Canelo Alvarez made his second fight in the first half of 2021 one to remember, as he stopped Billy Joe Saunders in front of over 70,000 fans (reportedly) at AT&T Stadium in Texas, unifying the WBC, WBA, and WBO super middleweight titles.
Saunders (30-1, 14 KO) will surely be back, as an orbital bone injury — thought to be broken — forced his corner to stop the fight after eight rounds. But he won’t be right back against Canelo, and there is only one name on the Mexican superstar’s mind right now as far as what’s next.
That would be Caleb Plant, the IBF titleholder and the man holding the last piece of the 168 lb puzzle. Canelo stated clearly that that’s his plan as far as what’s next, and promoter Eddie Hearn — though his deal with Canelo just ended, they could keep working together, the results have been pretty good — said it’s the “only” fight to make.
While it would seem unfathomable for the 28-year-old Plant (21-0, 12 KO) to not take the big money fight against Canelo (56-1-2, 38 KO) next, it has to be noted that there are potential political-type barriers here. Plant is a Premier Boxing Champions fighter. Canelo is not.
That doesn’t mean the fight can’t or won’t happen, but it makes it a lot harder than it would be if Plant were also in the Matchroom camp, or if Canelo were also a PBC fighter. Canelo’s almost certainly not going to sign with PBC; given his overall leverage as arguably the sport’s biggest star, I think it’s unlikely we see him sign long-term with anyone ever again.
Will Canelo agree to do a FOX or Showtime pay-per-view with Plant in September? There’s no reason why not, at least in theory, if he gets the right sort of offer for it. Canelo does not have a contract with DAZN anymore, but if they make the biggest offer, will Plant and PBC be willing to work with them on the fight?
The biggest money really might be doing it through FOX pay-per-view. Canelo hasn’t been on a standard, traditional pay-per-view since his controversial 2018 rematch with Gennadiy Golovkin, which was HBO’s last big boxing event. (His fights since then have been available on normal pay-per-view, but obviously that was not the main or most-promoted outlet, it has been DAZN for his last six fights.)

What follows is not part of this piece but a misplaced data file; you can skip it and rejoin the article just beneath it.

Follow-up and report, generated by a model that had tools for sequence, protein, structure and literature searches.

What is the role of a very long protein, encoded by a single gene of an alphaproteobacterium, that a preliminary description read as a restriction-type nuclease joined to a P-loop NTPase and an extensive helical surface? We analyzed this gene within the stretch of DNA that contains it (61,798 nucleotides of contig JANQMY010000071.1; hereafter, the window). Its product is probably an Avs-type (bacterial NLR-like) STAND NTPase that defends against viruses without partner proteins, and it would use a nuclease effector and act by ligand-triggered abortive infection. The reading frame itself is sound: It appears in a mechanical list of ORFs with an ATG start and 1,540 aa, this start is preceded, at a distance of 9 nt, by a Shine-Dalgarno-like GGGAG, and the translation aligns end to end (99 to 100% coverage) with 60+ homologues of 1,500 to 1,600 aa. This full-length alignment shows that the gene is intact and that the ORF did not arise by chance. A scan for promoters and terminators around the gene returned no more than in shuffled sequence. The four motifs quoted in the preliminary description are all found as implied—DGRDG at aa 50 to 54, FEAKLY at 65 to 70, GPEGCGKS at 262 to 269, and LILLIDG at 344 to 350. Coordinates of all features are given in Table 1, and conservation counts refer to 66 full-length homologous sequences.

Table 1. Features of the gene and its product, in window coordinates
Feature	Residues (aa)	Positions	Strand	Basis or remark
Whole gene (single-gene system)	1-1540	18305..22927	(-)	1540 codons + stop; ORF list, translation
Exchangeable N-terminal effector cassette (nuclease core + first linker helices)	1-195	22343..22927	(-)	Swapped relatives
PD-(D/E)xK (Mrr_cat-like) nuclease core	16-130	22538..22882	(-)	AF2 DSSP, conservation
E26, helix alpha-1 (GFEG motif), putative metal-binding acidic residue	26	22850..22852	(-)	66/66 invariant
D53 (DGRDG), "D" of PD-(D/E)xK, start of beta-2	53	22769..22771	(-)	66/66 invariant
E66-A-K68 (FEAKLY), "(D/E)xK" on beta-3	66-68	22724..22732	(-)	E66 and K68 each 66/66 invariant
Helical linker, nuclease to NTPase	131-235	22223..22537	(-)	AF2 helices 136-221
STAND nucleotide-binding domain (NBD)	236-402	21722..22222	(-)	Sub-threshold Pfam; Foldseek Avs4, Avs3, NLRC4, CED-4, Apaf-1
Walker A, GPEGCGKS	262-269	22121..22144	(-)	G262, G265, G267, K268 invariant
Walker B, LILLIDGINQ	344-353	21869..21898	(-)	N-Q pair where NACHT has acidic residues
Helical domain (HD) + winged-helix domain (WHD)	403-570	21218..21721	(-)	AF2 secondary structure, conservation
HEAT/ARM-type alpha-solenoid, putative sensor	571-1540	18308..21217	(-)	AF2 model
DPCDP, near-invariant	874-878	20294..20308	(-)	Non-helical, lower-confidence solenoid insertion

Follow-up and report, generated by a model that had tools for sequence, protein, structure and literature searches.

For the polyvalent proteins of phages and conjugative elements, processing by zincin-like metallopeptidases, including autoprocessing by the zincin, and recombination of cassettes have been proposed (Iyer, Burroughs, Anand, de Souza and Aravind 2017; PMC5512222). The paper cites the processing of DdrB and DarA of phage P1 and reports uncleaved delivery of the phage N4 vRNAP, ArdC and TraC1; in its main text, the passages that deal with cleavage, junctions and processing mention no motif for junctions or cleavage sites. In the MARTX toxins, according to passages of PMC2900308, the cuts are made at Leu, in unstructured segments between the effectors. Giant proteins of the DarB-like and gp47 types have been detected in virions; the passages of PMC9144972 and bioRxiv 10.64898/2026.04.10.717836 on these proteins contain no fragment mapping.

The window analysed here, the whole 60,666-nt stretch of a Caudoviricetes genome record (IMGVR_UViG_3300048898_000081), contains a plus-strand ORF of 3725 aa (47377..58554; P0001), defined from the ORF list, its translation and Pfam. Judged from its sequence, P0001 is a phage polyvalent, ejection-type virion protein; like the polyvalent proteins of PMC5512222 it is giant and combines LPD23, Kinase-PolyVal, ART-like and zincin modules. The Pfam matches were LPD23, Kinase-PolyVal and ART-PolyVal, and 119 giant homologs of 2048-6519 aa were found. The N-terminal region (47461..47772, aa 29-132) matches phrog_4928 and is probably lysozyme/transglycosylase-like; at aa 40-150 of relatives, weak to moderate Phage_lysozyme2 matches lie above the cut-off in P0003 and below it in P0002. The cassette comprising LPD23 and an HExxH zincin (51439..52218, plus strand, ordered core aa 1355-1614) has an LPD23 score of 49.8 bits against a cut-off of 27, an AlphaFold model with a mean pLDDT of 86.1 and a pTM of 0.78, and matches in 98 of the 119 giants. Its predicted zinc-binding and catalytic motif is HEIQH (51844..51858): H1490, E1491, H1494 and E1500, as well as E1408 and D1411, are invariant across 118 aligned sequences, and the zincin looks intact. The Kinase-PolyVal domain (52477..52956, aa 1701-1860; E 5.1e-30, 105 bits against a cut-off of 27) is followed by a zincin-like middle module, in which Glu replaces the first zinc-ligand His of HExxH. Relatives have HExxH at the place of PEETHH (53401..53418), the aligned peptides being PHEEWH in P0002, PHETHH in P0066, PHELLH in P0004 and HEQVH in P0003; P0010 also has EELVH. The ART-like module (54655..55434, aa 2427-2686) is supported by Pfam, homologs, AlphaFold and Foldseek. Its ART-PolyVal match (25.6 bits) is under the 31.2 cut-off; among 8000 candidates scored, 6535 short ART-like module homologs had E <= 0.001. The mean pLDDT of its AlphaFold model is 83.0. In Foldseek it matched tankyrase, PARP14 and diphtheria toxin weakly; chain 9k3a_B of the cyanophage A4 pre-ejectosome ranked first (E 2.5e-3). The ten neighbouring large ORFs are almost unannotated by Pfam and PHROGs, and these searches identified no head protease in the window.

For what it’s worth:
— CalebPlant (@SweetHandsPlant) May 9, 2021
But we’ll see. If it’s not Plant, for whatever reason, the top options for September would probably be one of two guys:
- Current WBO middleweight titlist Demetrius Andrade coming up in weight to challenge Canelo, which Andrade has said many times he is willing and ready to do.
- IBF middleweight titlist Gennadiy Golovkin coming up in weight to challenge Canelo for a third time. This would be a big fight still, but we probably have passed its peak value. Golovkin’s star has faded some in the last two-and-a-half years, and he also hasn’t shown any real desire to go up to 168. He currently is believed to be focused on a unification with WBA titlist Ryota Murata for December. Golovkin would have to get a big offer and probably a lot more concession from the Canelo side than the Canelo side will want to make. And there is at least some sense that Canelo may now be truly too in his prime for Golovkin, who is past his.
But don’t count anything out with Canelo. He’s thrown curveballs before; no one expected him to fight Amir Khan in 2016, and for a more challenging surprise, no one expected him to move up to light heavyweight and fight Sergey Kovalev in 2019. Canelo has said he’s comfortable and wants to stay at 168 right now, but if Plant passes, the options get really limited at that weight, definitely limited for a desired September return date.